Infectious Diseases News and Research RSS Feed - Infectious Diseases News and Research

Researchers identify novel vancomycin-resistant MRSA superbug in Brazil

Researchers identify novel vancomycin-resistant MRSA superbug in Brazil

An international research team led by Cesar A. Arias, M.D., Ph.D., at The University of Texas Health Science Center at Houston has identified a new superbug that caused a bloodstream infection in a Brazilian patient. The report appeared in the April 17 issue of The New England Journal of Medicine. [More]
Researchers examine effects of introducing rapid diagnostic tests for malaria in Africa

Researchers examine effects of introducing rapid diagnostic tests for malaria in Africa

Researchers from the Cochrane Infectious Diseases Group conducted a review of the effects of introducing rapid diagnostic tests (RDTs) for diagnosing malaria in primary healthcare settings in Africa where laboratory services are unavailable. [More]
Research on HIV and schistosomiasis coinfection in sub-Saharan Africa children

Research on HIV and schistosomiasis coinfection in sub-Saharan Africa children

Paper shows that more work is needed to fully understand the consequences of coinfection. Researchers from LSTM have called for more research to be carried out into HIV and schistosomiasis coinfection in children in sub-Saharan Africa. [More]
Study provides better understanding of intestinal pathologies associated with inherited, infectious diseases

Study provides better understanding of intestinal pathologies associated with inherited, infectious diseases

The "brush border" - a densely packed array of finger-like projections called microvilli - covers the surfaces of the cells that line our intestines. [More]
Researchers uncover mechanism that may help explain severe forms of schistosomiasis

Researchers uncover mechanism that may help explain severe forms of schistosomiasis

​Researchers at the Sackler School of Graduate Biomedical Sciences at Tufts and Tufts University School of Medicine (TUSM) have uncovered a mechanism that may help explain the severe forms of schistosomiasis, or snail fever, which is caused by schistosome worms and is one of the most prevalent parasitic diseases in the world. The study in mice, published online in The Journal of Immunology, may also offer targets for intervention and amelioration of the disease. [More]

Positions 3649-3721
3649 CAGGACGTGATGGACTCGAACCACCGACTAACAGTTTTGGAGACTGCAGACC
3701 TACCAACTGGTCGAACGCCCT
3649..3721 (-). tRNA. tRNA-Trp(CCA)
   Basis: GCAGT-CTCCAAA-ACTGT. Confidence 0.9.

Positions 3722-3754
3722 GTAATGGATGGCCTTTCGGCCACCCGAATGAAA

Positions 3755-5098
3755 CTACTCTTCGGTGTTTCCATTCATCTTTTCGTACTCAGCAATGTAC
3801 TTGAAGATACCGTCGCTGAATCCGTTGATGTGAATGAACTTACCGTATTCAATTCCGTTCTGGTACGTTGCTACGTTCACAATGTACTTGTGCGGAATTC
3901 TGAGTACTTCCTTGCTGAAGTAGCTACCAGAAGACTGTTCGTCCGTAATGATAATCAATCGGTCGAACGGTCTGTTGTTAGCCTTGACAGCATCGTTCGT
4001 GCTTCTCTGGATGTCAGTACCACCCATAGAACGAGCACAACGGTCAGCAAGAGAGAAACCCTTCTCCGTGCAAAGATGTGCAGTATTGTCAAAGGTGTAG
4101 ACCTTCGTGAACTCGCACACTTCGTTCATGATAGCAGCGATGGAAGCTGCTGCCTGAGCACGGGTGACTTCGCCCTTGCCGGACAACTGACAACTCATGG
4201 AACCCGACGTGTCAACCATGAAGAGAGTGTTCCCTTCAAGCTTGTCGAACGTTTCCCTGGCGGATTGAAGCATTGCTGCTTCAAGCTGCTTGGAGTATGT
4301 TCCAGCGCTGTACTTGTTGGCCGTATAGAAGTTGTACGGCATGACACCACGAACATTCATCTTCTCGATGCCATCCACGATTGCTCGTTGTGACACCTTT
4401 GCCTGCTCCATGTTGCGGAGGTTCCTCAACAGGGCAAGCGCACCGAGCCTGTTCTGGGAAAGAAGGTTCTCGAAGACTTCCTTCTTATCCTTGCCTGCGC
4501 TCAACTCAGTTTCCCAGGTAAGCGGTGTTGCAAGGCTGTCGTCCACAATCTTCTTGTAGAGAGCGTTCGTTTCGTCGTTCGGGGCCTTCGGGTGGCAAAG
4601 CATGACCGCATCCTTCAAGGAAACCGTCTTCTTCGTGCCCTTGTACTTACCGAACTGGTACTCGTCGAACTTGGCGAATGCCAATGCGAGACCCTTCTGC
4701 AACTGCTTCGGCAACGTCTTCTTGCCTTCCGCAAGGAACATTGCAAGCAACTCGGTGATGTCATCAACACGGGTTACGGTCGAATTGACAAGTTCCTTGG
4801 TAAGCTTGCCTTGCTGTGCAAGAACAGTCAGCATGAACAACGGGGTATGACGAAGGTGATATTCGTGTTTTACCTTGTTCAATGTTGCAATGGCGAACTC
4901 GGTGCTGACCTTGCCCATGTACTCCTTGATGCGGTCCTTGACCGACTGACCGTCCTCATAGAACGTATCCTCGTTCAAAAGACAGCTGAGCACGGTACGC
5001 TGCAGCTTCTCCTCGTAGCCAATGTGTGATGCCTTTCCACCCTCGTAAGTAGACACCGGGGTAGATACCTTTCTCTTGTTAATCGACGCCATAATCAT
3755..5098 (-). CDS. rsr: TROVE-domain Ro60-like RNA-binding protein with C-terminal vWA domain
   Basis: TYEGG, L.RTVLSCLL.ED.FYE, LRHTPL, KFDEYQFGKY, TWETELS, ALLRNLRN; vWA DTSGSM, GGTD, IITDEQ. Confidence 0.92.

Scientists create new model of memory that provides complete picture of how memory works

Scientists create new model of memory that provides complete picture of how memory works

Scientists at the Salk Institute have created a new model of memory that explains how neurons retain select memories a few hours after an event. [More]
Study: HIV-positive women respond well to vaccine against human papillomavirus

Study: HIV-positive women respond well to vaccine against human papillomavirus

HIV-positive women respond well to a vaccine against the human papillomavirus (HPV), even when their immune system is struggling, according to newly published results of an international clinical trial. [More]

Baxter reports topline results from BAX 111 Phase 3 trial for treatment of von Willebrand disease

Baxter International Inc. today announced topline results from a Phase 3 clinical trial evaluating the safety, efficacy and pharmacokinetics (PK) of BAX 111. BAX 111 is a recombinant von Willebrand factor (rVWF) under investigation for the treatment of bleeding episodes in patients with von Willebrand disease, the most common type of inherited bleeding disorder. [More]
MD Anderson honors America's future cancer leaders

MD Anderson honors America's future cancer leaders

The University of Texas MD Anderson Cancer Center this week honored 16 junior faculty members who are expected to become some of America's future cancer leaders. The faculty members are the first R. Lee Clark Fellow award winners. The new award was established to recognize outstanding work by junior faculty members and to help support their future efforts. [More]
UTMB experts honored with Lifetime Achievement Award for contributions to study of deadly diseases

UTMB experts honored with Lifetime Achievement Award for contributions to study of deadly diseases